MILO, Maine — A new fitness center, an improved restaurant and gift shop and a few new jobs will be created if the town succeeds in its application for a $60,000 Community Development Block Grant.
The Board of Selectmen agreed during a meeting Tuesday to allow the Piscataquis County Economic Development Council to apply for the grant. Council Community Development Director Kenneth B. Woodbury Jr. told selectmen the grant application would be a crucial part of finishing the redevelopment of the area devastated by an arson fire in September 2008.
The work “will not cost a nickel more than the grant,” Woodbury said during the meeting. “This is to be built without local tax money.”
Under Woodbury’s grant proposal, the $60,000 would buy professional kitchen equipment in a new building for Elaine’s Basket Cafe and Gift Shop on East Main Street in exchange for the restaurant’s commitment to hire two full-time employees, including one earning more than $30,000, for at least two years. The new kitchen would streamline restaurant operations and make room for wholesale food production, Woodbury said.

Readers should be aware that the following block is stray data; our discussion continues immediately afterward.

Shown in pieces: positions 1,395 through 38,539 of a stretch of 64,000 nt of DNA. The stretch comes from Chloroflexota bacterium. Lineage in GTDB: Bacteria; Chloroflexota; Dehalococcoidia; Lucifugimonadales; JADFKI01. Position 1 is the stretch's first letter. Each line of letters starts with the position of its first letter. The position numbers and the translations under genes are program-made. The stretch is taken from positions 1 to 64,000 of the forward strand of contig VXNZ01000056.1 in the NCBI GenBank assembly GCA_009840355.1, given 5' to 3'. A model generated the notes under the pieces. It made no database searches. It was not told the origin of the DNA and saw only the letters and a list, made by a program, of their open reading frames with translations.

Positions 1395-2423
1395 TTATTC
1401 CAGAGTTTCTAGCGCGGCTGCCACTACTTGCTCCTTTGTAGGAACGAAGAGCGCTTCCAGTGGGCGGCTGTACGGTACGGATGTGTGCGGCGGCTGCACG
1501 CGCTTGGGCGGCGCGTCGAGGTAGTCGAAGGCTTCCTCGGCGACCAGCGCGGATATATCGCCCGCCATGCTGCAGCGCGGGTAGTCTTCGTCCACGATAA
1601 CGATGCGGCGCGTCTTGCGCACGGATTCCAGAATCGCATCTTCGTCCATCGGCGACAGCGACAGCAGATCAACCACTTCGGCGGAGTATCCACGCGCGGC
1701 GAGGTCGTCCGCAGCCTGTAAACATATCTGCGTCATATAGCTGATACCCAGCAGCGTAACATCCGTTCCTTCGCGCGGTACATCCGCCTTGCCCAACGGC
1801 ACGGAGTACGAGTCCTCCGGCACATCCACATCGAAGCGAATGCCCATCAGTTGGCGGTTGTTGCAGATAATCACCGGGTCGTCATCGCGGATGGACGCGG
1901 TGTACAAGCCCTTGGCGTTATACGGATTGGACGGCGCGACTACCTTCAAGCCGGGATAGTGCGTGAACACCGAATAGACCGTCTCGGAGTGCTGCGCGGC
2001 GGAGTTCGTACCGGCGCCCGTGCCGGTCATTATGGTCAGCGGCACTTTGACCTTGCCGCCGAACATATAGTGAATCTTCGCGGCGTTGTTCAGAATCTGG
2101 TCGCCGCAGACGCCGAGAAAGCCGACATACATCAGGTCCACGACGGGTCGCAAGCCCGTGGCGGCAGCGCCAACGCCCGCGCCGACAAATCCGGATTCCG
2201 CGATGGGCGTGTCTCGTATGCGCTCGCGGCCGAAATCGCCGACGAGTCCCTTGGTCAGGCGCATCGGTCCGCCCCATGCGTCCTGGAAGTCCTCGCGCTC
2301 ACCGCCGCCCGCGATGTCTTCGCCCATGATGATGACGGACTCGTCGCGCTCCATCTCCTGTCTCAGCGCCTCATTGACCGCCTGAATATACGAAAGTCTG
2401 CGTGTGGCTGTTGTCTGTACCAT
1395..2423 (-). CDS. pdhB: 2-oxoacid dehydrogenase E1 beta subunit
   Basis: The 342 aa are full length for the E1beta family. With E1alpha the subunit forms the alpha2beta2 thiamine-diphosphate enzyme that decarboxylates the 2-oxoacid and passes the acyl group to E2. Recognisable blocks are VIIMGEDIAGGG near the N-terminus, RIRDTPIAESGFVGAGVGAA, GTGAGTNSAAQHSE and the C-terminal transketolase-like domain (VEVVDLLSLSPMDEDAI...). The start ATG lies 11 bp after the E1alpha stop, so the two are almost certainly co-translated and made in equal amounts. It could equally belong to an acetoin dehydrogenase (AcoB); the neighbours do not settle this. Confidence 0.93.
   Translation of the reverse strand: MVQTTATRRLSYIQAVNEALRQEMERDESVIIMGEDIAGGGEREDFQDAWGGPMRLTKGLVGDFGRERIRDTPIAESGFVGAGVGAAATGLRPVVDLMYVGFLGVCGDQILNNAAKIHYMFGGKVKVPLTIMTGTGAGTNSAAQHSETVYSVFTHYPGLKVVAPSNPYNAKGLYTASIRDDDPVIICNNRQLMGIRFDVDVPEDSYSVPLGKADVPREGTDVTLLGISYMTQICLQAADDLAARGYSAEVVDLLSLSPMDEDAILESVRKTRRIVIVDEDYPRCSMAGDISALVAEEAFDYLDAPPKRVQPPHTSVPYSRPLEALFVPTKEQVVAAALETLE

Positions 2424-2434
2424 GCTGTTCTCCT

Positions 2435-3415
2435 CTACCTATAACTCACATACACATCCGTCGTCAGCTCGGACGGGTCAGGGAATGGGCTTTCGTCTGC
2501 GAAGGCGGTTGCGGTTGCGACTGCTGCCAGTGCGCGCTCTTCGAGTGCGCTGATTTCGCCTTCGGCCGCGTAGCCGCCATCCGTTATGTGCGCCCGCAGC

As part of the revitalization, the 3,300-square-foot building near the intersection of East and West Main, Elm and Water streets would also house a fitness center operated by Charles Lawrence, who owns a convenience store in town, Woodbury said. The fitness center would be about 1,500 square feet.
If Elaine’s owner, Elaine Poulin, fails to meet the conditions of the grant, the town would have to pay it back, Woodbury said.
Several of the nearly 70 residents who attended the meeting didn’t seem to like tax money being used to support local businesses. One resident said the town would be better off with an assisted living center.
Selectmen seemed satisfied with Woodbury’s presentation.
The town still has to use the bulk of the $500,000 rural business development grant from the U.S. Department of Agriculture’s Rural Development agency that will help revitalize an area of downtown destroyed by arson in 2008, Woodbury said. Five downtown buildings were destroyed and a sixth damaged in the fire.
About 90 residents voted a special town meeting in January 2010 to buy much of the area destroyed by the fire at a price not to exceed $10,000 and a parcel owned by John and Barbara Crossman at a price not to exceed $48,200.
Since then the money has sat largely untouched. New lamp posts and sidewalks are supposed to be installed, and the intersection reworked, as part of the revitalization, Woodbury said. Some of that work will begin later this year.